Some things are better left alone. So do I stop now? Or do I press on in my plan to reread with the belief that most of the books really are better than this one?
I am going to regret my decision, I think. ...more
Down and Out in the Magic Kingdom may seem shallow, but there is a great deal of depth to be found if one approaches the book with a willingness to overcome the prejudices and perspectives of our current culture, to project oneself into the mindset and morality of the future world Doctorow has created.
I won't go into the story itself with any detail, as I don't want to spoil anything, but Doctorow's finest achievement in Down and Out in the Magic Kingdom is the way he explores the question of morality. In a world where death and disease are over, where scarcity is barely remembered, it becomes clear that morality, even our morality today, is formed and shaped by mortality -- or the lack thereof.
The only real immorality in Down and Out seems to be the destruction of another's work. Only the tangible creations of an individual or a team ("ad-hoc") have value. Adultery, theft, destruction and even murder have no real negative value. They may reduce a person's prestige ("Whuffie") for a short time, but it is not difficult for the "victim" of any of these crimes to remain close friends or become close friends with his or her "victimizers" once he or she is "rebooted."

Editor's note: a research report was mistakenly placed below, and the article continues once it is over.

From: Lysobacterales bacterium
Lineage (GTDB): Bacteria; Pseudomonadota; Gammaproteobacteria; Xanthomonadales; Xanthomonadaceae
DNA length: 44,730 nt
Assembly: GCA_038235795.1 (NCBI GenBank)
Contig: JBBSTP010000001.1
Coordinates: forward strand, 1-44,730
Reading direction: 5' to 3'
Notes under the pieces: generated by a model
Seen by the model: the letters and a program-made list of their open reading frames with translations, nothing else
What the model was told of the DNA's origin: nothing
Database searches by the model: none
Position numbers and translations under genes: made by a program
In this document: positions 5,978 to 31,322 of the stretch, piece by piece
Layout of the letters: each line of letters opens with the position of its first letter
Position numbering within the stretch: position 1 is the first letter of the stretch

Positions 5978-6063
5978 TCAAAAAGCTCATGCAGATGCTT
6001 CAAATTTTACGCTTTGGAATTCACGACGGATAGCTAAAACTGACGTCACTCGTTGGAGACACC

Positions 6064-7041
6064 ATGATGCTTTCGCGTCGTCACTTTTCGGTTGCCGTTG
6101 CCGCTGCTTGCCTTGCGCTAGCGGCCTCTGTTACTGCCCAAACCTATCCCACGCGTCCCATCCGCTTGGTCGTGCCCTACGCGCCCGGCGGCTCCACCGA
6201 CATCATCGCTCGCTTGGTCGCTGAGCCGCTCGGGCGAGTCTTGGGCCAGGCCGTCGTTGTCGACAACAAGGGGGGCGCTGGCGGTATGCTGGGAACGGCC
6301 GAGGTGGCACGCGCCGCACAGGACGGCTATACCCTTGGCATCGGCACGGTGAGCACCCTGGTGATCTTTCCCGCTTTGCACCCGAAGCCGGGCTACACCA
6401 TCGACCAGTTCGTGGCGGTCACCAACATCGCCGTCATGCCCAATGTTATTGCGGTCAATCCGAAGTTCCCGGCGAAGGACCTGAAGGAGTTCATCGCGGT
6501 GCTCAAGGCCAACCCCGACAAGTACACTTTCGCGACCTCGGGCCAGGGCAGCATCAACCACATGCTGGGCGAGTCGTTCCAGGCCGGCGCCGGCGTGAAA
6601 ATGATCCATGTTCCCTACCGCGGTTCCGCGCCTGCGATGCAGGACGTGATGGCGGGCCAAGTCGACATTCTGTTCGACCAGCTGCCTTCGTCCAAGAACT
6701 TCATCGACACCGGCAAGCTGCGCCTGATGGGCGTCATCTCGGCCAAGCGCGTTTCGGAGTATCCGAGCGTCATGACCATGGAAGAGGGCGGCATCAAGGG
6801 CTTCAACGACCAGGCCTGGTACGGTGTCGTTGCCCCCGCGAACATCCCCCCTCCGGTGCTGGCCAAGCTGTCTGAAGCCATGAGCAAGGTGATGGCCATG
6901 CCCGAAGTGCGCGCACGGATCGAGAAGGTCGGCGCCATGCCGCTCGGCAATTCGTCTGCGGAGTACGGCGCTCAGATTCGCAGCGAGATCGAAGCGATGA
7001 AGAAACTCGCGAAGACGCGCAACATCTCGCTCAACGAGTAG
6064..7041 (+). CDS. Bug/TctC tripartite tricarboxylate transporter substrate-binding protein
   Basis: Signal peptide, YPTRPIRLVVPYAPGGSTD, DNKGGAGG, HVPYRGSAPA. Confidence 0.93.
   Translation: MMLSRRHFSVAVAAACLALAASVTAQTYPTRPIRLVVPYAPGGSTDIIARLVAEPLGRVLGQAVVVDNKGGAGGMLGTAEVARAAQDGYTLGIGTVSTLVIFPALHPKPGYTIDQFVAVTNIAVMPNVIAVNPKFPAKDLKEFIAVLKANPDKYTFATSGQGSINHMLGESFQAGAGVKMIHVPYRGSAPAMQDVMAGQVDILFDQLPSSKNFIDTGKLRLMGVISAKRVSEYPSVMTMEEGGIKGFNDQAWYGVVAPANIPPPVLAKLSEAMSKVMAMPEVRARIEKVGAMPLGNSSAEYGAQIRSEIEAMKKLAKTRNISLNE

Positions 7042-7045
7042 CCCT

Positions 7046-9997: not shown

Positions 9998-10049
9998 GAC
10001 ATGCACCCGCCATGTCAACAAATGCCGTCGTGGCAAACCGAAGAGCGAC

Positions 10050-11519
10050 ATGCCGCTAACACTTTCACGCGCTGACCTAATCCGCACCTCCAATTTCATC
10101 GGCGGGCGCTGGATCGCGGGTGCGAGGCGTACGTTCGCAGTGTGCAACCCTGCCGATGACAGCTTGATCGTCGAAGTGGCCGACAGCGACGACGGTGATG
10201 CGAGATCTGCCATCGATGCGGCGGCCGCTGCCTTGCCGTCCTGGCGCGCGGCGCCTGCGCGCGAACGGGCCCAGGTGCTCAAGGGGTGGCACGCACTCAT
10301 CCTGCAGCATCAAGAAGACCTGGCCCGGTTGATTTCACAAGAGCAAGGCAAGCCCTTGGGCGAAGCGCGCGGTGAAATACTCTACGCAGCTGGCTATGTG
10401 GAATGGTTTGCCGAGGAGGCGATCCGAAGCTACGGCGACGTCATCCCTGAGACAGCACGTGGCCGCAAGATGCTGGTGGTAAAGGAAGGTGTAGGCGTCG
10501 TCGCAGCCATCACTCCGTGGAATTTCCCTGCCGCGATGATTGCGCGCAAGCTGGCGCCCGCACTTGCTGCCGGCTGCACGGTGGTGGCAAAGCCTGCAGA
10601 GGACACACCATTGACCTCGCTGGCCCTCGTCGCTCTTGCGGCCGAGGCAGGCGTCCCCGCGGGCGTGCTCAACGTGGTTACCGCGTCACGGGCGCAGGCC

What this suggests for ourselves is fascinating: that morality itself is based on our mortality. The shortness of our lives, the moment of death that we all face, is the ultimate arbiter of what is right and wrong. I am sure some would say, "So what? That doesn't change anything. Wrong is wrong. Bad is bad. Evil is evil." Perhaps. But perhaps not, and what makes Down and Out in the Magic Kingdom a victory for me is that it makes me wonder about the perhaps not.